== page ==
While playing Blackjack game, players often face strategic decisions that can significantly impact their chances of winning money. Two such decisions are whether to take insurance and opt for even money when dealing with a natural blackjack. These choices can be pretty tempting, but are they truly worth it in the long run? It is essential to understand Blackjack Insurance if you want to prevent losing money. 

Welcome to our comprehensive guide on two intriguing concepts in blackjack insurance and even money. This article will delve into the mechanics, risks, rewards, and mathematics behind these options. 

What Does Blackjack Insurance Mean?

The Mechanics of Blackjack Insurance

Insurance Rule Work in Blackjack

Blackjack insurance is a side bet that players can make when the dealer’s face-up card is an Ace. It is offered as a safeguard against the dealer having a natural blackjack (a hand totalling 21). Players can place an insurance bet, usually half of their original wager, to protect themselves against the possibility of losing the main bet. This is not possible to do when you are going through a blackjack double down play.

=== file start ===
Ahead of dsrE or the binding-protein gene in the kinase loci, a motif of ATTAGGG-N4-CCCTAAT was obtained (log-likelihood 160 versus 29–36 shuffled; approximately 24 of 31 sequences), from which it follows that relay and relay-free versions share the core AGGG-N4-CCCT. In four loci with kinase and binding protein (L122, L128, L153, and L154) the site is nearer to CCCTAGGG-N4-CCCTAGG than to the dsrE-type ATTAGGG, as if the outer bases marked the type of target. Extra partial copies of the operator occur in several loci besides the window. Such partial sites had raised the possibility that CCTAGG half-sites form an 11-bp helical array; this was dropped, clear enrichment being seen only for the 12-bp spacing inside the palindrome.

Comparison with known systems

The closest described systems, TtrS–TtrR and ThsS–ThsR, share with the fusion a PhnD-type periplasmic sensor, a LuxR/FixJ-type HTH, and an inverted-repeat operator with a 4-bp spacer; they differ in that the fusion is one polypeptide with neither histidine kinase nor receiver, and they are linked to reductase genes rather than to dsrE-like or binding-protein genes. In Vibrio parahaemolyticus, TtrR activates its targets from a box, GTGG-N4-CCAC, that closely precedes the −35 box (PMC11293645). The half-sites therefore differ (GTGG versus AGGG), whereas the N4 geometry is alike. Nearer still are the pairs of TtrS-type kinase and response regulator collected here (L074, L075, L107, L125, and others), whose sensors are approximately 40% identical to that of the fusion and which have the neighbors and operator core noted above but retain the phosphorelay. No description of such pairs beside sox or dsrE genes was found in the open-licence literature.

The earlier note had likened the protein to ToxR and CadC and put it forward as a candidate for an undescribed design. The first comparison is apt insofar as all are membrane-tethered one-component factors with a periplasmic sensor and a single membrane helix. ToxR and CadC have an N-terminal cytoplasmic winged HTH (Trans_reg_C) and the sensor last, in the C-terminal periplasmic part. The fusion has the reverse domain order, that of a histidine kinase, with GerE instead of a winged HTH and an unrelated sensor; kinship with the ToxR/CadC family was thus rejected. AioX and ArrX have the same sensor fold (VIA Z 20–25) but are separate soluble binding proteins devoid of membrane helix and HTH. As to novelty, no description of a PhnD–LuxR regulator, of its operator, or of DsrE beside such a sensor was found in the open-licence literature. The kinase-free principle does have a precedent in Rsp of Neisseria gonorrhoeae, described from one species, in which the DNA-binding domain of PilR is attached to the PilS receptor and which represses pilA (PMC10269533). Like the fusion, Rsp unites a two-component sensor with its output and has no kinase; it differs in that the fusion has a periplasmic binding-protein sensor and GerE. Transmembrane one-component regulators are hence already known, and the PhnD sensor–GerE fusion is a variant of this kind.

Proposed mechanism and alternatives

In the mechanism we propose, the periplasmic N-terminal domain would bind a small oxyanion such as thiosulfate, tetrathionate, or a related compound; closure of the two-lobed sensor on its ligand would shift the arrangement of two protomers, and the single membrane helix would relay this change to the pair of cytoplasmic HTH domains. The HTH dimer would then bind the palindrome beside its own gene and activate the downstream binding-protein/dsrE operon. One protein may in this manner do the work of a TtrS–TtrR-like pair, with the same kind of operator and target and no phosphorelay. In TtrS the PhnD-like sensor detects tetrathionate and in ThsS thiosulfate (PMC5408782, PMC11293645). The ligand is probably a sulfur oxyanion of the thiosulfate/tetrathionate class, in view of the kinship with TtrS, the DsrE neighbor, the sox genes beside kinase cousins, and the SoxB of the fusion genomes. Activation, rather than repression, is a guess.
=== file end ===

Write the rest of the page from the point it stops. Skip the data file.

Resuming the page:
If a player accepts, they place their insurance wager. If the dealer has a natural blackjack, the player wins the insurance bet at a 2:1 payout, minimising losses on the main bet. However, if the dealer does not have a blackjack, the insurance bet is lost, and the game continues as usual.

When is Blackjack Insurance Offered?

What Does Blackjack Insurance Mean

Insurance is typically offered when the dealer’s face-up card is an Ace, giving them the possibility of a natural blackjack. This option becomes available before the dealer checks their face-down card for a blackjack. It’s important to note that insurance is an optional bet, and players are not obliged to take it.

The Risks and Rewards of Taking Insurance